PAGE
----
Worse, although they had come ashore expecting to run into barbed wire, the British at W beach hadn’t expected the wire to be so robust that their wire cutters would not be able to slice through.
The assault on V Beach was similarly tragic.
Here, a more ambitious landing was being attempted, with men in row boats as well as an old collier named the SS River Clyde, from which men were meant to disembark down gangplanks onto the beach.
Boats were peppered with lethal fire, and those coming down the gangplanks would be funnelled, disastrously, into right where the enemy fire was at its most intense.
Half of them became casualties before even getting to shore, though once there a low bank granted a reprieve as men were able to huddle behind and beneath it after digging in with their spades.
The story was similarly dire on other beaches, but while getting ashore was a major achievement in and of itself, the difficulties didn’t let up for the attackers once they’d done so.
They would next discover that their maps were inaccurate. Entire hills were missing, as was vital input on enemy wire and positions.
The disparity was worst for the ANZACs, who had landed at the wrong place. The men made the best of it and rushed into the hills. But, after navigating their way through a deadly thicket of Turkish sharp shooters sniping at them from beneath the undergrowth, the Aussie and Kiwi troops made a jaw-dropping discovery.
They were expecting a gentle rise that would allow fast passage to the high ground that was their objective further inland. However, when they crested the first peak they discovered to their horror that their cartography had been woefully inadequate.
The hill fell away in front of them into an intimidating series of jagged rises and crevices – an area that would be murderous to cross.
The Allies had been pinned down, all 70,000 of them. Now the Gallipoli peninsula would become a microcosm of the Western Front – namely a quagmire.
Ironically, the whole operation had been intended to bypass the stalemate that had developed elsewhere, not imitate it. The fact that it had now done so would bring other planning problems to the surface.
Getting supplies in would be a logistical nightmare. Reaching the men was difficult precisely because the peninsula remained defended and many boats that approached it were sunk.
Small details like lack of standardisation in the type of ammunition used by the British Army and Royal Navy often meant that bullets kept by the latter could not be utilised by the former.
Meanwhile, the heights continued to facilitate the harassment of those on the peninsula by artillery as these positions had been neither defined nor quickly captured on the first day.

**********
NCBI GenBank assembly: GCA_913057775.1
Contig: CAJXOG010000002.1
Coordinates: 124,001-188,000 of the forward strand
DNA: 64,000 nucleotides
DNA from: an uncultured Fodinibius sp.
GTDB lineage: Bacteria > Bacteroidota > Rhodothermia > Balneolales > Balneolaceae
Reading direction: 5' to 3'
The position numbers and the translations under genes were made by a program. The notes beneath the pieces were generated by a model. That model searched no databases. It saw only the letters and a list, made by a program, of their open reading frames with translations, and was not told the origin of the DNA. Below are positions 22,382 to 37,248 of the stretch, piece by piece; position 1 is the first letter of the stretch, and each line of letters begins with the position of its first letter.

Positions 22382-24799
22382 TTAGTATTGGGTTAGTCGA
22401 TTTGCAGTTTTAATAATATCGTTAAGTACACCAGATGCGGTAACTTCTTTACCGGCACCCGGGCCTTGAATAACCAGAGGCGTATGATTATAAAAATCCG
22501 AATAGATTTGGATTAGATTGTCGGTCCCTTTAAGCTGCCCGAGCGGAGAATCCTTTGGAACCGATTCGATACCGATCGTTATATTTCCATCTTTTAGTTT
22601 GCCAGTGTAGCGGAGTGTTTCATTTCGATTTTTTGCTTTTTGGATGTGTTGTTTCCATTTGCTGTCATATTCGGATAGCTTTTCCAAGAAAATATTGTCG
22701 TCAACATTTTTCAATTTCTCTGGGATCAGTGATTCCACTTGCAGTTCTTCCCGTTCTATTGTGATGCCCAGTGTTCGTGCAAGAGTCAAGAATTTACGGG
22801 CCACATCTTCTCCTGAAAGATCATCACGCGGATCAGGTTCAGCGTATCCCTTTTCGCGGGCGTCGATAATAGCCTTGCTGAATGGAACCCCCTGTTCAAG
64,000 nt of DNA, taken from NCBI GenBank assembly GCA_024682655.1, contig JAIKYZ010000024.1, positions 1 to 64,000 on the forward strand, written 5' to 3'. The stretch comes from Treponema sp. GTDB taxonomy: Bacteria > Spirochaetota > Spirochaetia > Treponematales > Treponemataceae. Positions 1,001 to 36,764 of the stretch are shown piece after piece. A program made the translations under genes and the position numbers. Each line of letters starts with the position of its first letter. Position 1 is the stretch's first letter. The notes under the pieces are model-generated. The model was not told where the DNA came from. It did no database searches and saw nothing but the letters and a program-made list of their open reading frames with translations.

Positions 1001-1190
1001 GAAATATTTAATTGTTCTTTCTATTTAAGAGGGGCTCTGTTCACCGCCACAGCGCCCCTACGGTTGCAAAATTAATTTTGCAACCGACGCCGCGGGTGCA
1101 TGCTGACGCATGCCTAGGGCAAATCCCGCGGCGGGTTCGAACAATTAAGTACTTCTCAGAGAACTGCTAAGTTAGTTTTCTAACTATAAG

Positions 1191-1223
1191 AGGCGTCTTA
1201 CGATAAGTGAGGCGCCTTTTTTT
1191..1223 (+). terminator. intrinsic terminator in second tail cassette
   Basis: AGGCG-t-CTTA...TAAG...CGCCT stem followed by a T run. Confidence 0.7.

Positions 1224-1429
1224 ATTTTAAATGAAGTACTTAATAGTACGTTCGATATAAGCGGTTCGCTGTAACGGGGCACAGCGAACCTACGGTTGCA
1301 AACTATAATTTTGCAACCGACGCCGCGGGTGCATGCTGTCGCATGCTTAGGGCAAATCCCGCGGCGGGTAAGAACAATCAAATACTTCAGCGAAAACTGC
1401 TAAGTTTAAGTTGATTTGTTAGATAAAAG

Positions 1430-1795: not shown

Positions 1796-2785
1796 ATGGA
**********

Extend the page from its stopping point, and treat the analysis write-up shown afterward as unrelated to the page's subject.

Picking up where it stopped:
The result was lethal shrapnel raining down constantly, forcing the men below ground.
The confinement of trenches and tunnels then exacerbated the spread of disease – after all, once the initial assault had failed, the warm climate, human waste, and hordes of closely packed soldiers would be a perfect breeding ground for microbes.
Dysentery, a type of gastroenteritis complete with bloody stools (the result of the triggering pathogen eating into the intestinal lining), was probably the worst illness. A 12-stone man could drop to eight within several weeks of being infected.
As the spring turned to summer and the temperature soared, and more and more men became dehydrated through diarrhoea, lack of water became another enemy.
According to Colonel Alan Hawley, Commander of 3 Division Medical Services, 20 litres of water a day is necessary to sustain a man in hot weather. Soldiers at Gallipoli would have been lucky to have got two a day.
This is because wells were spoiled by sea water contamination, necessitating the hauling of huge canisters of fresh water sometimes brought from as far away as Egypt.
Despite these difficulties the Allies doggedly pressed on, making numerous assaults, but they were to hit another wall – and his name was Mustafa Kemal.
He would go on to serve as the first president of Turkey in 1923 after the end of the Ottoman Empire, but during the Gallipoli campaign, he was the Turks’ frontline commander.
He was astute and ruthless, telling his men when they were on the verge of retreating: “I don’t order you to attack, I order you to die”.
Despite being vastly outnumbered, the Turks were able, through Kemal’s thorough planning and tough leadership, to make the most of their natural defences and eventually repel the invaders.
The British were eventually forced to retire in early 1916 with nothing to show for their efforts at Gallipoli during much of 1915. Churchill would resign over the fiasco.
To learn more about Gallipoli, read 'Gallipoli 1915' by Philip Haythornthwaite, 'ANZAC Infantryman 1914–15' by Ian Sumner, 'Ottoman Infantryman 1914-18' by David Nicolle and visit Osprey Publishing for more military history.